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Biden escalates criticism of Israel after aid worker deaths

Josh Wingrove, Bloomberg News on

Published in News & Features

WASHINGTON — President Joe Biden said Israel hadn’t done enough to protect civilians after the death of seven aid workers, in some of his sternest criticism yet of the country’s conduct in the months since it launched a military campaign against Hamas in Gaza.

“This conflict has been one of the worst in recent memory in terms of how many aid workers have been killed,” Biden said in a statement released Tuesday night. “This is a major reason why distributing humanitarian aid in Gaza has been so difficult – because Israel has not done enough to protect aid workers trying to deliver desperately needed help to civilians.”

“Incidents like yesterday’s simply should not happen,” Biden said.

Biden has called out Israel before but the sharply worded statement was among the most critical since Israel launched its campaign in response to Hamas’s assault on Oct 7. It also highlighted growing U.S. frustration with Israel’s prosecution of its war and the mounting civilian death toll.

“Incidents like yesterday’s simply should not happen. Israel has also not done enough to protect civilians,” the president added.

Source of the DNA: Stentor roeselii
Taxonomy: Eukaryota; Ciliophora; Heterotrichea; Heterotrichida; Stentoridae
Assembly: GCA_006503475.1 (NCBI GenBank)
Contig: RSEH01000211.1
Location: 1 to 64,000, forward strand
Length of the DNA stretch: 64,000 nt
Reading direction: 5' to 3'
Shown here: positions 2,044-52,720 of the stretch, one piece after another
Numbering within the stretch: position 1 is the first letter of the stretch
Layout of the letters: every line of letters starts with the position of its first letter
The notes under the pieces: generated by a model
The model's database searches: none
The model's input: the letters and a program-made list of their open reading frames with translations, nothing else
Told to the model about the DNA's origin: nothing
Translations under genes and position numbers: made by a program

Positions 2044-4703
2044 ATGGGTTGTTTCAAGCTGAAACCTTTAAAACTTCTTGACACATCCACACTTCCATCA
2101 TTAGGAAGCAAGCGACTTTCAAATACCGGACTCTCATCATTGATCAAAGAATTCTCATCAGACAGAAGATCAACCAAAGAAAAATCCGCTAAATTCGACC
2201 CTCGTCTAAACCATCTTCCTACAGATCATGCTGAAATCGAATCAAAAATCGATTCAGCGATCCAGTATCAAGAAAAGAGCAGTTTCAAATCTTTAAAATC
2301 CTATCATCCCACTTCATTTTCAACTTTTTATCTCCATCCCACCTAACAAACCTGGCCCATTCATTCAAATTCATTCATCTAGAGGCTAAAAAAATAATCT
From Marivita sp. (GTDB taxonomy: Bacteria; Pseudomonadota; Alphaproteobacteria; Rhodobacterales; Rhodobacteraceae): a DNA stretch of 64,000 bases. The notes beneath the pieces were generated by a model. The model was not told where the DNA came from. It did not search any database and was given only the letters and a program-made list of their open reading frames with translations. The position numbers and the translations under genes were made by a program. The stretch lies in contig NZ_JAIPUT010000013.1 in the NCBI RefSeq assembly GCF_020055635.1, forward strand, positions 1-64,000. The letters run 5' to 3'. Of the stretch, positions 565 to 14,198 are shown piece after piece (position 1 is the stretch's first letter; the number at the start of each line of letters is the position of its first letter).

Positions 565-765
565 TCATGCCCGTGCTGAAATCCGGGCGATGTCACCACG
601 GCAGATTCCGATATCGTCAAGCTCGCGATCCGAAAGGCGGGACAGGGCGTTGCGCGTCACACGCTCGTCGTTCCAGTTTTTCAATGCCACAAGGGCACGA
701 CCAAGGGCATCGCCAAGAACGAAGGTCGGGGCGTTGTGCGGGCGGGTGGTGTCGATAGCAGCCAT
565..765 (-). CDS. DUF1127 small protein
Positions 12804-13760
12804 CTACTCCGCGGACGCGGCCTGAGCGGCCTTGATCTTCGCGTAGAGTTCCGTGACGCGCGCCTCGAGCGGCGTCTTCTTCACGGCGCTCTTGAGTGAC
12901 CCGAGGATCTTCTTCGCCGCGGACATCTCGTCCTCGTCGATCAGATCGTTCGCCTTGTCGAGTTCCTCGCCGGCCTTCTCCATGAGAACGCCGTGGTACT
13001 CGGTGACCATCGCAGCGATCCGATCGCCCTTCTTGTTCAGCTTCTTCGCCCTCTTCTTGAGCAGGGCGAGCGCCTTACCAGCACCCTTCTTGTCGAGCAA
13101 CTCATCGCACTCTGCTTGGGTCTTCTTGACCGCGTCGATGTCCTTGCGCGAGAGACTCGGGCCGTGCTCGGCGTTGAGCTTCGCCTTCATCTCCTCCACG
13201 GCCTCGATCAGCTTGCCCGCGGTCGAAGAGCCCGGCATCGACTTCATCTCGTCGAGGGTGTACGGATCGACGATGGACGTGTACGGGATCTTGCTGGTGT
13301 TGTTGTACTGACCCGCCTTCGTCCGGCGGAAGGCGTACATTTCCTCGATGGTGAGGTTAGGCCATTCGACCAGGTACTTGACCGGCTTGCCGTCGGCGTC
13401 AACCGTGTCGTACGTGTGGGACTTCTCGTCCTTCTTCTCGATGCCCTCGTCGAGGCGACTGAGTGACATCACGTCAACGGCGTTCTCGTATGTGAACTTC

Biden’s statement was among several issued by Western leaders who have condemned the air strike that killed seven workers from World Central Kitchen, a prominent disaster relief group founded by the chef José Andrés. His remarks came as the administration raises the pressure on Israeli Prime Minister Benjamin Netanyahu.

U.K. Prime Minister Rishi Sunak spoke with Netanyahu Tuesday and said he was “appalled” by the aid workers’ deaths. Australian Prime Minister Anthony Albanese said he expressed “anger and concern” in a telephone call with Netanyahu. “This is completely unacceptable,” Albanese told reporters. The seven dead include three British citizens, one dual-citizen American and one Australian.

Biden said he was “outraged and heartbroken by the deaths” and called for a swift investigations. “Israel has pledged to conduct a thorough investigation into why the aid workers’ vehicles were hit by airstrikes. That investigation must be swift, it must bring accountability, and its findings must be made public.”

 

Biden said he would continue to press Israel to facilitate humanitarian aid, and that he is pushing “hard for an immediate cease-fire as part of a hostage deal.”

Biden said he had spoken with Andrés to express condolences.

Netanyahu and other Israeli officials expressed regret over the deaths. “Unfortunately, in the past day there was a tragic event in which our forces unintentionally harmed non-combatants in the Gaza Strip,” the prime minister said on the social media platform X. “This happens in war. We are conducting a thorough inquiry and are in contact with the governments. We will do everything to prevent a recurrence.”

Israeli military chief of staff Herzi Halevi, speaking in a video statement uploaded to X, said Israel will continue to protect aid workers.

“The strike was not carried out with the intention of harming WCK aid workers. It was a mistake that followed a misidentification — at night, during a war in very complex conditions. It shouldn’t have happened,” he said. “Israel is at war with Hamas, not with the people of Gaza.”

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